Saturday, August 22, 2015

Zaki's Original Review: The Thin Red Line

First published: January 22, 1999

Jim Caviezel heads up an ensemble of all-stars in Terrence Malick's The Thin Red Line
The most obvious question that sprang to mind before viewing director Terrence Malick's The Thin Red Line was how it would stack up in comparison with Steven Spielberg's Saving Private Ryan. Both films cull their subject matter from World War II, with a fiery level of violent realism that proves to be, as per the adage, Hell. The comparison ends there, however.

Any attempt to point up further similarities between the two works does a disservice to both. In stark contrast with the clearly linear narrative of Private Ryan, The Thin Red Line emerges almost as an art movie disguised as a mainstream film. Set during the battle Guadalcanal, the film's narrative is spread out amongst the members of Charlie Company, a tightly-knit unit of soldiers fighting the good fight.

While star Tom Hanks provided a focal point for the actions in Ryan, Thin Red Line is populated by an ensemble cast studded by some of of the more well-known actors working today. Familiar faces like Sean Penn, George Clooney, John Travolta, and John Cusack enact their scenes alongside such talented newcomers as Jim Caviezel and Ben Chaplin.

The one common thread linking the diverse talent involved is that they all make lasting impressions with what are, very often, the sparest of roles. After making a splash in the '70s with such films as Days of Heaven, the reclusive Malick returns to the film arena with The Thin Red Line, leaving little doubt as to why his reputation is so legendary.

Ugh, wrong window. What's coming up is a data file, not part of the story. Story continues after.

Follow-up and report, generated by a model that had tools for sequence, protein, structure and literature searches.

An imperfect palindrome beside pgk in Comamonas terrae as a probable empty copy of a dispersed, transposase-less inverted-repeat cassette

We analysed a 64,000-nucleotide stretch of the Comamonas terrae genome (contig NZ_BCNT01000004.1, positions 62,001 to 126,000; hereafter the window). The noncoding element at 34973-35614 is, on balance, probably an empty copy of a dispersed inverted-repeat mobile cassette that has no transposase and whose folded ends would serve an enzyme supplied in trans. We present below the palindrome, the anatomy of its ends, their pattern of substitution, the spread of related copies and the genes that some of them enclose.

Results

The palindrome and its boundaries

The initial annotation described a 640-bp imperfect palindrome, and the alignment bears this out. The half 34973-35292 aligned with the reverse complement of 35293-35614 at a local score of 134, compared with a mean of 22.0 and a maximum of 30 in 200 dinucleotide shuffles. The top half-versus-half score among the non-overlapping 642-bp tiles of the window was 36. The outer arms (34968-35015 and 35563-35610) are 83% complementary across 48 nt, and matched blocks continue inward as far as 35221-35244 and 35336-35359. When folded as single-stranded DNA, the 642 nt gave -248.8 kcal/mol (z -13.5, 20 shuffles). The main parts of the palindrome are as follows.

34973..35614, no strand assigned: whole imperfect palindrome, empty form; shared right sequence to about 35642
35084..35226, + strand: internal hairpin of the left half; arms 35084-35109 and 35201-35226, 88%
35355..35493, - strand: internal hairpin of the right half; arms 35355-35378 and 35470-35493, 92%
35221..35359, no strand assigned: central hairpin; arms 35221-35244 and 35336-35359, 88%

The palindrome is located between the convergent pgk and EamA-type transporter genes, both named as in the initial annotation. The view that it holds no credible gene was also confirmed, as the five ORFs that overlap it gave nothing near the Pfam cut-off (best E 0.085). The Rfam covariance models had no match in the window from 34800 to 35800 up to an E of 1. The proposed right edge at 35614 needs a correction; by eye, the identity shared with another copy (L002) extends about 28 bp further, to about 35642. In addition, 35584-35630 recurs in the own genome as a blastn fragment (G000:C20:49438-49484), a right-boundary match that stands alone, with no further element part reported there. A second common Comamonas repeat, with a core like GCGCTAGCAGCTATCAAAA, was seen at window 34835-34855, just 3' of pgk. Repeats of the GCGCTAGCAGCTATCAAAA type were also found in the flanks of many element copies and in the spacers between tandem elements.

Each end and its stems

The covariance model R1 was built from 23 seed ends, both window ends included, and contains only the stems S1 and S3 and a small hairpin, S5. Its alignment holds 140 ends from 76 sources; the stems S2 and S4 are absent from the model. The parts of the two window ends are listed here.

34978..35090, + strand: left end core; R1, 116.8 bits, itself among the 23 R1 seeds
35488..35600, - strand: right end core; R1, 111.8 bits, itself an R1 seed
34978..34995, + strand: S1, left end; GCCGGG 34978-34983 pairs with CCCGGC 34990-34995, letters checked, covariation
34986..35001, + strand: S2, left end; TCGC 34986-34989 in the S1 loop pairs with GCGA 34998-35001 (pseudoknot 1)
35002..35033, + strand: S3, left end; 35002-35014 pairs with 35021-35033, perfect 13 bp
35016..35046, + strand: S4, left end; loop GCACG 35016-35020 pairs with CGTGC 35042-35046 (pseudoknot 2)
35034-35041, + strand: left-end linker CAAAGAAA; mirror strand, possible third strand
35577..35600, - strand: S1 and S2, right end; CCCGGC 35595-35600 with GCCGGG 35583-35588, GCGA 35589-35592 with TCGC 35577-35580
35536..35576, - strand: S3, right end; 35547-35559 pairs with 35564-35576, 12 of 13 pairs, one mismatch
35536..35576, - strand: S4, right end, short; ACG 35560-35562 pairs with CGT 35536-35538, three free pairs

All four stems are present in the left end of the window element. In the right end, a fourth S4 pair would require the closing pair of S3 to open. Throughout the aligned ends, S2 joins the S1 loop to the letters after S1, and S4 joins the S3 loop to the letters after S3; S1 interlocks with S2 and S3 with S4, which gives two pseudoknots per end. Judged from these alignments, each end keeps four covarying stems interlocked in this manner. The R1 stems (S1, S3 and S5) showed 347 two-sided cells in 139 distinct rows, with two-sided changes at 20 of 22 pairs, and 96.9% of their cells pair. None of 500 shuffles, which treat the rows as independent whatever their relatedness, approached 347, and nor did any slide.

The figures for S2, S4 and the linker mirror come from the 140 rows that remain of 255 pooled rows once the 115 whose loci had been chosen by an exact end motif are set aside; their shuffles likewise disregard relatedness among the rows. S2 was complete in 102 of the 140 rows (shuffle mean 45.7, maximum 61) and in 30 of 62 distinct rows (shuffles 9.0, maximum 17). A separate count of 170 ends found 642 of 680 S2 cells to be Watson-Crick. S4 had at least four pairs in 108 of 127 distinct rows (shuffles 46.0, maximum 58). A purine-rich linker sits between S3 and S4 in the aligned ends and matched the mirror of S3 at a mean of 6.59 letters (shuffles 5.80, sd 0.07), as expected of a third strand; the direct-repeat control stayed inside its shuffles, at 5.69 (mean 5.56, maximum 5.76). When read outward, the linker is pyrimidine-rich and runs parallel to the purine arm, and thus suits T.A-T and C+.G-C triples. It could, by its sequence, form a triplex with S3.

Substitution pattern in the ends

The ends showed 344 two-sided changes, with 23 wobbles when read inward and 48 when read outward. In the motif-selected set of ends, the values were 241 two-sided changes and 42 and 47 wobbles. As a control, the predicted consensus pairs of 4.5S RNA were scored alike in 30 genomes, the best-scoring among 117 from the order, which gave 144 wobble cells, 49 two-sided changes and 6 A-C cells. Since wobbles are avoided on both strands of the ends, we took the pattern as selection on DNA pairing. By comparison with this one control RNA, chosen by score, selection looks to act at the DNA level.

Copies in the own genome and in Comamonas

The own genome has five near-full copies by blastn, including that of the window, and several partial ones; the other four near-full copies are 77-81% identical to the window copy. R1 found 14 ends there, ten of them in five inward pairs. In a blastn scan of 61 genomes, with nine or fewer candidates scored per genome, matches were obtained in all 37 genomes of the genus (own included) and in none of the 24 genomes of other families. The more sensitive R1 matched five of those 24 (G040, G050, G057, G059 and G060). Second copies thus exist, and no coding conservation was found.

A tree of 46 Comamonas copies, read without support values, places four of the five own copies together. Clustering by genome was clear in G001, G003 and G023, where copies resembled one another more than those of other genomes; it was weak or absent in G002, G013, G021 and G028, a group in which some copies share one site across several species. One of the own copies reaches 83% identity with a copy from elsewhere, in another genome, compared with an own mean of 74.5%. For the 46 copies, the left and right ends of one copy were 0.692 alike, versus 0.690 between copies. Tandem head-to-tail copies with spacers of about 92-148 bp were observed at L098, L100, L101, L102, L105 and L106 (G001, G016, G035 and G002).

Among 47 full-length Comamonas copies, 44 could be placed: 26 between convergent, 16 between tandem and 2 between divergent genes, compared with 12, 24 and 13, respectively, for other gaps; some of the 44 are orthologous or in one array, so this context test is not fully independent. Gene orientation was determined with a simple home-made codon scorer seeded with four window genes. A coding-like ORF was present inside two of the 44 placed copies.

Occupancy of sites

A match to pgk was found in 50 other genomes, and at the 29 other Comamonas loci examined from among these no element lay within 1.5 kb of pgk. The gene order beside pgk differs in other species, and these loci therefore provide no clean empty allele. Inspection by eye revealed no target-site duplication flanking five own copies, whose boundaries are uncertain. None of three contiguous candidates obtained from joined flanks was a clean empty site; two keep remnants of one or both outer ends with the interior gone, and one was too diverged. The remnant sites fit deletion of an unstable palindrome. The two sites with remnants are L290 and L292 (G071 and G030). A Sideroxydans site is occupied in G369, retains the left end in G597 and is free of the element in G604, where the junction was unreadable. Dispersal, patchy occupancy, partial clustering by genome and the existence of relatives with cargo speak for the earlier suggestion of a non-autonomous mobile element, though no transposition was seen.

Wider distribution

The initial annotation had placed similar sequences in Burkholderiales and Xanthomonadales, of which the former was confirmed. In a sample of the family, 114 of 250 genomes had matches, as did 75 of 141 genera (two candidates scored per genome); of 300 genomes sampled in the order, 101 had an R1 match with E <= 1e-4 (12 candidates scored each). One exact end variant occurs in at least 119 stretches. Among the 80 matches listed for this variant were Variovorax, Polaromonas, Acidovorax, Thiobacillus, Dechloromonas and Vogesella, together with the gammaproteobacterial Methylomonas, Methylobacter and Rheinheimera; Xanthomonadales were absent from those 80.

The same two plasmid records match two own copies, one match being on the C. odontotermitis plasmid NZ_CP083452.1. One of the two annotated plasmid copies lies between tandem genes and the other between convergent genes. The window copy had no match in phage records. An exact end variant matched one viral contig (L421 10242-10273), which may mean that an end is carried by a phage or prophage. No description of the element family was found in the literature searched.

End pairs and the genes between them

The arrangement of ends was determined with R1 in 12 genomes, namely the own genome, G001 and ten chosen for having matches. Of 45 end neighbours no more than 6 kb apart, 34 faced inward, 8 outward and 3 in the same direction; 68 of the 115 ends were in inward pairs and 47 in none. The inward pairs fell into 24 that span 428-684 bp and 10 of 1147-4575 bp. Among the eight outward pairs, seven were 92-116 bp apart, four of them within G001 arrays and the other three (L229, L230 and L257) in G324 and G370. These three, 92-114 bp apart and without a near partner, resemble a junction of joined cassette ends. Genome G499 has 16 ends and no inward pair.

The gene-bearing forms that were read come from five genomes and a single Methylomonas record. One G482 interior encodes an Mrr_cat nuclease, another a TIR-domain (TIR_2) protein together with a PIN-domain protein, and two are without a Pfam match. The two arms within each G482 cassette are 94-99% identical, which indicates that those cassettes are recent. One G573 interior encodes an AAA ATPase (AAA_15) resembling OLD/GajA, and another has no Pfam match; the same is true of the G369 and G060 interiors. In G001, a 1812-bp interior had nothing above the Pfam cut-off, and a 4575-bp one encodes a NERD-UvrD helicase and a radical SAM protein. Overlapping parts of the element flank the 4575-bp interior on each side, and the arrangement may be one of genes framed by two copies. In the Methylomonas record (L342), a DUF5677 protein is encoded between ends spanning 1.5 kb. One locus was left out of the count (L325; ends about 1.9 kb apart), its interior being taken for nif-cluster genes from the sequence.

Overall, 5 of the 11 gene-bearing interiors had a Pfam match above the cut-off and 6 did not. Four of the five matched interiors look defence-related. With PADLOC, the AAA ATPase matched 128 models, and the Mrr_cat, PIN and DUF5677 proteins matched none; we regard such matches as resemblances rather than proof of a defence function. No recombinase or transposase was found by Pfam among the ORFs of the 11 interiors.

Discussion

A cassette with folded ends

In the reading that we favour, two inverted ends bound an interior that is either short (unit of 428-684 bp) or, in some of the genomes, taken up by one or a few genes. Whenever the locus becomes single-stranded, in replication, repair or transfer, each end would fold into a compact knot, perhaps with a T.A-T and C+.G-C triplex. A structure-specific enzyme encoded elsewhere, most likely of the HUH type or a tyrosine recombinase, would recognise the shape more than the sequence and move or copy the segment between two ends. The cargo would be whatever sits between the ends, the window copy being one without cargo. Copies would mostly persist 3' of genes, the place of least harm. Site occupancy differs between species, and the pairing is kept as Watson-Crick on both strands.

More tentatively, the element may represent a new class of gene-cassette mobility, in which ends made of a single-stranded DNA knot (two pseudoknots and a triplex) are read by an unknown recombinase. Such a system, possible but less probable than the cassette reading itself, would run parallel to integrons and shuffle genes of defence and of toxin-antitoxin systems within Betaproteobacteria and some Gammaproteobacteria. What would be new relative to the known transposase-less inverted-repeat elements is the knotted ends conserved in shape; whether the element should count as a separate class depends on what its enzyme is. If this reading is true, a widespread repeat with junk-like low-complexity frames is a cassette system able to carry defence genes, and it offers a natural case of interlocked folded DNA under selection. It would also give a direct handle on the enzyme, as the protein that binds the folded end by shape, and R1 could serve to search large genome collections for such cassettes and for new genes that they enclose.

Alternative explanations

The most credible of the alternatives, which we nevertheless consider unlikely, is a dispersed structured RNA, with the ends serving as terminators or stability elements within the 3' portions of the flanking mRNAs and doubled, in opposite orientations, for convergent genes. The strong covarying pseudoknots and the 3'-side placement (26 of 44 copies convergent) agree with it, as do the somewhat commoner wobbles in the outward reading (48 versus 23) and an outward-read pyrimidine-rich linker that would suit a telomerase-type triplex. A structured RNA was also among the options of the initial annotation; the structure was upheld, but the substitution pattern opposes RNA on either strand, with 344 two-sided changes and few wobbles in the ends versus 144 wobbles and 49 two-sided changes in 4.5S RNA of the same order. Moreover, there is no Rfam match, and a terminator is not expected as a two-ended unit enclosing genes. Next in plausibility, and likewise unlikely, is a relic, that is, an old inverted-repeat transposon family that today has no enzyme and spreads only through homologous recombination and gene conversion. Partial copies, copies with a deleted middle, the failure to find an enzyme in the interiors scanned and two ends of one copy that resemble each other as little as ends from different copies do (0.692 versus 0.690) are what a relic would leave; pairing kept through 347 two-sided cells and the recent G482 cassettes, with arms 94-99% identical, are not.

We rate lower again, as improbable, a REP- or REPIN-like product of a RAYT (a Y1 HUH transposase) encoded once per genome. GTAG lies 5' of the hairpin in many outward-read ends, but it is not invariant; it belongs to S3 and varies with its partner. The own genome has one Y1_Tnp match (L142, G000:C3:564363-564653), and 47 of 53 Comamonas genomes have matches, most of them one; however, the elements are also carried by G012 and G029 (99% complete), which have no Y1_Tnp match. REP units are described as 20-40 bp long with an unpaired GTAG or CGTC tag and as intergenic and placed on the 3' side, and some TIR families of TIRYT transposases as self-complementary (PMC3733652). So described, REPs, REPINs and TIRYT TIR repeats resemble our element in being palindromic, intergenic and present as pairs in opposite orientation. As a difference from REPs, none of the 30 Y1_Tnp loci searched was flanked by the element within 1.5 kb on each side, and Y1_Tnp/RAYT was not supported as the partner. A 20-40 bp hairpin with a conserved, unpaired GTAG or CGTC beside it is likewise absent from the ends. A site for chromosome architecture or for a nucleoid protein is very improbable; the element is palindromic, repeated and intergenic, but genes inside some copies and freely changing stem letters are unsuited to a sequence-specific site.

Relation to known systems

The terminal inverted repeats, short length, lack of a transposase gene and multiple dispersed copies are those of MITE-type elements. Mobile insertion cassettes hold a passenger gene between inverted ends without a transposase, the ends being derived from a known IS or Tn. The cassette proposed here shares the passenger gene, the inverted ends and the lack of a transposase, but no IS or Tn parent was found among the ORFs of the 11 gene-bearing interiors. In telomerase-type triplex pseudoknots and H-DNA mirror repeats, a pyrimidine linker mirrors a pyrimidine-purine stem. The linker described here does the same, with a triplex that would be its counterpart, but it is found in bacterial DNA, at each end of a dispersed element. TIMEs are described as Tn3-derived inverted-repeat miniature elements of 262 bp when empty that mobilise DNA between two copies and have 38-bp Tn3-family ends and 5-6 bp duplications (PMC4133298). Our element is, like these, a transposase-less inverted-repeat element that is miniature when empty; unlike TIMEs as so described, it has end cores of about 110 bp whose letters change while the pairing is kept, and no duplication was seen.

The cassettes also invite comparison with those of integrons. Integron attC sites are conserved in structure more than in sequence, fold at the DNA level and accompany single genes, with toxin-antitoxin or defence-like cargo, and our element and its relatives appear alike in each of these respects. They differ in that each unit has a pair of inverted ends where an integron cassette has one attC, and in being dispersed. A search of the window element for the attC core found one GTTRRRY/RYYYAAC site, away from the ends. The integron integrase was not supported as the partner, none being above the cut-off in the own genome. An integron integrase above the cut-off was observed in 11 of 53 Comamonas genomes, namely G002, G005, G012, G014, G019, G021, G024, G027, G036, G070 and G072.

His continuous emphasis on the beautiful environs provides a stark contrast with the horrific battle imagery, pointing up the notion that Man is very much the Serpent in this Garden of Eden. Additionally, the technique of having the principles providing their own internal monologues, though jarring at first, proves an effective way of getting us emotionally involved.

At the outset of Oscar season, I envisioned Private Ryan snagging the big awards, with the also-rans fighting it out for the small pickings. Such highly-touted Oscar hopefuls as Beloved and Patch Adams did little to sway this line of thinking. Then The Thin Red Line came along. This is where things get interesting. A

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